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Changing allegiances in the Solomon Islands – from Taiwan to China – have made unlikely heroes for Australia’s right-wing media. By Edward Cavanough.

Solomon Islands and the switch from Taiwan to China

The aftermath of rioting in Honiara’s Chinatown in the Solomon Islands in November.
The aftermath of rioting in Honiara’s Chinatown in the Solomon Islands in November.
Credit: Charley Piringi / AFP

On a Wednesday morning last November, a few hours before the violence broke out, several boatloads of young men from the island of Malaita, Solomon Islands’ largest province, arrived in Honiara, the South Pacific nation’s capital.

The crowd of up to a thousand people massed in front of the Solomon Islands’ national parliament. They’d come demanding an audience with Manasseh Sogavare, who they believed had been undermining Malaitan interests since assuming the prime ministership for the fourth time in April 2019.

Sogavare, a 66-year-old political stalwart, was prepared. His police had briefed the government about plans for major protest two days earlier and had readied for the worst.

The day began peacefully. Police, acting as intermediaries between Sogavare’s office and the protesters, assured those gathered that an audience would be granted.

But David Wairi, a 31-year-old Malaitan who was in the crowd, said they quickly realised that “the MPs had already fled”.

The prime minister had been quietly evacuated in a private car – his official vehicle was left in the parking lot – and had begun travelling inconspicuously on back roads through the hills south of Honiara to avoid the crowds. At times, he walked on foot between waiting vehicles, which eventually took him to the heavily fortified Rove Police Headquarters, where he would remain for most of the next 48 hours.

With Sogavare gone, crowds began to spill into the parliamentary grounds. A hut adjacent to the parliamentary building was set alight. Police responded forcefully, firing tear gas.

“We are not dogs, we are men,” one of the protesters told Peter Kenilorea jnr, an opposition MP who witnessed the events. “Why are you using this on us?”

Victims of the teargassing were ushered by remaining MPs into parliamentary bathrooms to wash their eyes. Others fled to the nearby University of South Pacific campus, where Maverick Seda, a 21-year-old student, provided water and milk to ease the burning.

The protesters soon flooded onto the streets of Honiara and by dusk the city was ablaze. Dozens of buildings, including the Kukum Police Station, were razed. Thick, black smoke blanketed the sky. A curfew was announced by Sogavare, but the rioters outnumbered the police and havoc continued, especially in the Chinatown precinct, where property was destroyed and businesses were ransacked.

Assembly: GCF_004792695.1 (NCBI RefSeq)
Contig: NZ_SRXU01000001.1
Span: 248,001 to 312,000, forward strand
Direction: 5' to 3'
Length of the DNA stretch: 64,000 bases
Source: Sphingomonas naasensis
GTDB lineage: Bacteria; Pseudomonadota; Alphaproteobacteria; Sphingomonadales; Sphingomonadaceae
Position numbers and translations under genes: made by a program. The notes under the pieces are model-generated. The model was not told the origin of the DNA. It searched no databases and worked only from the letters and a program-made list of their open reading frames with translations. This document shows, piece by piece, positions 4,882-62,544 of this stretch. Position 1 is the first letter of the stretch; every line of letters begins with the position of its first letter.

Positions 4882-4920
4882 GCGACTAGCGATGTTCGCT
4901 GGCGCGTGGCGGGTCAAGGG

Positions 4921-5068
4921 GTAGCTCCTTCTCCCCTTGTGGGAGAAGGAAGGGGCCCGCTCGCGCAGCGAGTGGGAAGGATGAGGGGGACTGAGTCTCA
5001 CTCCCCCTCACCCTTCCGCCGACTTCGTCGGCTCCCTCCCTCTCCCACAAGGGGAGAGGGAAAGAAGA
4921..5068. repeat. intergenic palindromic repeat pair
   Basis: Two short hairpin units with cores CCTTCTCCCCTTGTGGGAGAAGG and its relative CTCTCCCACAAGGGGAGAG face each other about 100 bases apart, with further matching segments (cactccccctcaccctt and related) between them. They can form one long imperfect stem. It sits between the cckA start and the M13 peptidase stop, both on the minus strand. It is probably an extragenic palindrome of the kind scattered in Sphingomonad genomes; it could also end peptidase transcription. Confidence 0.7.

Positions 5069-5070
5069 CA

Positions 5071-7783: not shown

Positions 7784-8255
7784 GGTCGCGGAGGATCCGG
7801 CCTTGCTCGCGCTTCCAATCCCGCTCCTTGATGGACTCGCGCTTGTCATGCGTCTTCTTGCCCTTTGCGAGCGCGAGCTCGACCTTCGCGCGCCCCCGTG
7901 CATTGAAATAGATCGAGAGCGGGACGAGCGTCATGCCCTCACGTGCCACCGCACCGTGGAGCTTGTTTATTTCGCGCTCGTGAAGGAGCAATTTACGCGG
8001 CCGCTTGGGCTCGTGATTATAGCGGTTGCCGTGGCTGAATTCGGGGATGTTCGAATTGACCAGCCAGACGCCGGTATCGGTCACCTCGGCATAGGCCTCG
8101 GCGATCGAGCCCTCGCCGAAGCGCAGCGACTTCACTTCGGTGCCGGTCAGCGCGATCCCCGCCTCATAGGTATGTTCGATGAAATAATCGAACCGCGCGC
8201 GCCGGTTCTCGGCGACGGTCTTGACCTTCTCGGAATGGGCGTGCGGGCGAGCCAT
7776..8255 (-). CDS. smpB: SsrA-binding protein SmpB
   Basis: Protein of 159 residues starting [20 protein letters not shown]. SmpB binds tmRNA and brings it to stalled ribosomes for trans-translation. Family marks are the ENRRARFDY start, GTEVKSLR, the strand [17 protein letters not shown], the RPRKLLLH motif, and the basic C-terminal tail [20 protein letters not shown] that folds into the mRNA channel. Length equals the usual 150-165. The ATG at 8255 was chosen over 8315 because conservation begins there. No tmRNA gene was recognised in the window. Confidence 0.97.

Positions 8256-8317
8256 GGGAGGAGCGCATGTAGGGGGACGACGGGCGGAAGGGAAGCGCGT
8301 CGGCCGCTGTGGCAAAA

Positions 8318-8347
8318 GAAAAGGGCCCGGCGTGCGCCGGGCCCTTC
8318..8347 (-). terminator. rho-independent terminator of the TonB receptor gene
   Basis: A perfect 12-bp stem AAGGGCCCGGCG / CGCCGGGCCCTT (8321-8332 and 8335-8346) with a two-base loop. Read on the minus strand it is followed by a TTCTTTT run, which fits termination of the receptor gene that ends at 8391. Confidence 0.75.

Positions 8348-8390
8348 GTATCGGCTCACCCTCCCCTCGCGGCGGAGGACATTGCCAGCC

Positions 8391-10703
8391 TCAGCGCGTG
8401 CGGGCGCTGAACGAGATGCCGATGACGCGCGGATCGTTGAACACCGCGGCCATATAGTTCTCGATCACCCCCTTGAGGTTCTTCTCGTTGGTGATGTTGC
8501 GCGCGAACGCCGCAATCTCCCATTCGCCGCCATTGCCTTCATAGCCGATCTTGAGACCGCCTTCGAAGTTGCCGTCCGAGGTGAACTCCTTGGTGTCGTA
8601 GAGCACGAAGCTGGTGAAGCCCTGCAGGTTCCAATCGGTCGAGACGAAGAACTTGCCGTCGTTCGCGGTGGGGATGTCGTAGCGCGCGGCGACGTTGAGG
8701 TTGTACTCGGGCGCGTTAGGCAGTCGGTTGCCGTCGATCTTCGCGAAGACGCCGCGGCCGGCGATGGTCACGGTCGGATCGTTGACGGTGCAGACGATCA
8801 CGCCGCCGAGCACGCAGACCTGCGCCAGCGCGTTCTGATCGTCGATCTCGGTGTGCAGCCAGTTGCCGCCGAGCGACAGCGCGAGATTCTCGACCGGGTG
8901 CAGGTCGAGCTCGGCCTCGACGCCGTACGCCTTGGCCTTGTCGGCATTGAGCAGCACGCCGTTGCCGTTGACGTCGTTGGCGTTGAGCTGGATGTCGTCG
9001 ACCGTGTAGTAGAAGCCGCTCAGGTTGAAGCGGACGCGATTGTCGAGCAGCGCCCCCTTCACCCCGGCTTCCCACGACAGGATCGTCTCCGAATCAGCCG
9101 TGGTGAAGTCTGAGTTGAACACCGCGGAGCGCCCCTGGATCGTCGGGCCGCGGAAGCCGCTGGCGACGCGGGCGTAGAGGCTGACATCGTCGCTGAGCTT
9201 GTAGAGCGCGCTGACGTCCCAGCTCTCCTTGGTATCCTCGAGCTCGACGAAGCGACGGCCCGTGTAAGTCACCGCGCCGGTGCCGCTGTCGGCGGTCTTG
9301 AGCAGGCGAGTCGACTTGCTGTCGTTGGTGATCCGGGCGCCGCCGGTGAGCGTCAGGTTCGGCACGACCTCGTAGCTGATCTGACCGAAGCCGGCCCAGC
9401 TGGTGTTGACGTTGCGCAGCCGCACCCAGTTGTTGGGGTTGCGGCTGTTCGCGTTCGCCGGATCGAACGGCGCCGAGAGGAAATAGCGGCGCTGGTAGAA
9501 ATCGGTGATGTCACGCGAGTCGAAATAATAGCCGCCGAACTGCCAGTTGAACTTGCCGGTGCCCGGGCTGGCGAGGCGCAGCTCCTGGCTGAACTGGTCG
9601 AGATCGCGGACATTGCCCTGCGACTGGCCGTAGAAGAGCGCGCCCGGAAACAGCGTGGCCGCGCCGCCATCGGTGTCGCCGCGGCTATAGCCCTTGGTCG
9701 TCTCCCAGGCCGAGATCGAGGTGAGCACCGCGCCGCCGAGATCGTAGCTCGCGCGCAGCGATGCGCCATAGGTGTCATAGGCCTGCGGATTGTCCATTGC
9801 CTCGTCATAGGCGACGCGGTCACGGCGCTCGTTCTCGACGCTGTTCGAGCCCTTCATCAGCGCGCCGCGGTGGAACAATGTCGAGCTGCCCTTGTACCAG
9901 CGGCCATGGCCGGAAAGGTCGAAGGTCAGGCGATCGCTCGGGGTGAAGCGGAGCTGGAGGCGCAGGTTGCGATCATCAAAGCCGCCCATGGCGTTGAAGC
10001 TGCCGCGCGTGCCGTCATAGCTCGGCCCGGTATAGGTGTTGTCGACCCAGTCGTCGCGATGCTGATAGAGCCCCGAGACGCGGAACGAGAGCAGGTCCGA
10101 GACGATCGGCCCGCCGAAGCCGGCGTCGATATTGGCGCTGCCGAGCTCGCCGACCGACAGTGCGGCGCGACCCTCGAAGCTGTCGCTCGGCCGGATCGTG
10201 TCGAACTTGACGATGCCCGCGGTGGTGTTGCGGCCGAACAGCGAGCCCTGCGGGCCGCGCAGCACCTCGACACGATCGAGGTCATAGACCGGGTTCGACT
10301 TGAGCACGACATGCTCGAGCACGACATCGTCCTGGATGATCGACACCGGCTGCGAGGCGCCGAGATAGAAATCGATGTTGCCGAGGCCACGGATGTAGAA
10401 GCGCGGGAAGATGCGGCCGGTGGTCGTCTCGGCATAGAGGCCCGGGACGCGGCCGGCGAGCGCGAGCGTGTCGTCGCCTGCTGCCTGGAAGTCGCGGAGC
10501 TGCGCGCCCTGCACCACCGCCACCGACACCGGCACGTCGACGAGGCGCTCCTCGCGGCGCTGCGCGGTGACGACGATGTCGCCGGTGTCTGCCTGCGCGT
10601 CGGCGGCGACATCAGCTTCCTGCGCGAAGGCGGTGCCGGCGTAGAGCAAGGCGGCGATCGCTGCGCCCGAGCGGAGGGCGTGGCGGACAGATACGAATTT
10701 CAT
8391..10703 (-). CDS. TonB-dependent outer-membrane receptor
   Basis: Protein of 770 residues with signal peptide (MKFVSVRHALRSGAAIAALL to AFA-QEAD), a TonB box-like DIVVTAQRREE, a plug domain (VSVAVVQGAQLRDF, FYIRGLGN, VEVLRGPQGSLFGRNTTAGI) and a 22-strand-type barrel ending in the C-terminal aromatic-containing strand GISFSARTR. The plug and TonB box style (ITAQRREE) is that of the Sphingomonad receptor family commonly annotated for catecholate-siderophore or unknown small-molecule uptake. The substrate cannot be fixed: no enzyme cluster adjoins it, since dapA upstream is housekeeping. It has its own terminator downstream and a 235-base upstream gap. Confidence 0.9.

Three people died – their charred remains were found days after the riots – and the damage bill is estimated to have reached almost $100 million.

Within 24 hours, Australian Prime Minister Scott Morrison announced the deployment of 70 Australian peacekeepers to Honiara – the first time Australia has sent troops under a security treaty signed between Canberra and Honiara in 2017.

“The deployment was a stopgap,” says Dr Anna Powles, a senior lecturer in security studies focusing on the Pacific Islands at Massey University in New Zealand. “It provided critical backup to the beleaguered [police] and in doing so helped to restore public safety and confidence.”

The 2017 treaty was signed at the conclusion of the Regional Assistance Mission to Solomon Islands (RAMSI), a $2.8 billion, 14-year Australian-led peacekeeping mission.

RAMSI, created in 2003, ended five years of civil unrest known as the Tensions, with sustained violence between Malaitans and other ethnic groups. But the mission was unable to heal longstanding enmities between the opposing groups, which Powles believed were merely “frozen” by the 14-year intervention.

These tensions were dramatically thawed on September 25, 2019, when the Sogavare government ended Honiara’s 36-year alliance with Taiwan, instead extending diplomatic recognition to China.

Known in Solomon Islands as the “switch”, the China decision was controversial – especially in Malaita. Some Malaitans were fearful of China. Others were personally loyal to the Taiwanese and comforted by its democratic system.

But for most Malaitans, the switch became totemic of the national government’s tendency to ignore the province’s wishes. Sensing political opportunity, Malaitan Premier Daniel Suidani responded deftly.

A former primary school teacher, Suidani was elected premier of Malaita in 2019. Recognising the extent of local anger at the China decision, the 51-year-old has since worked hard to bolster his anti-China – and anti-Sogavare – credentials. He has accrued considerable local and international popularity in the process, which has itself fuelled the animosities between the Malaitan and national governments that led to the November riots.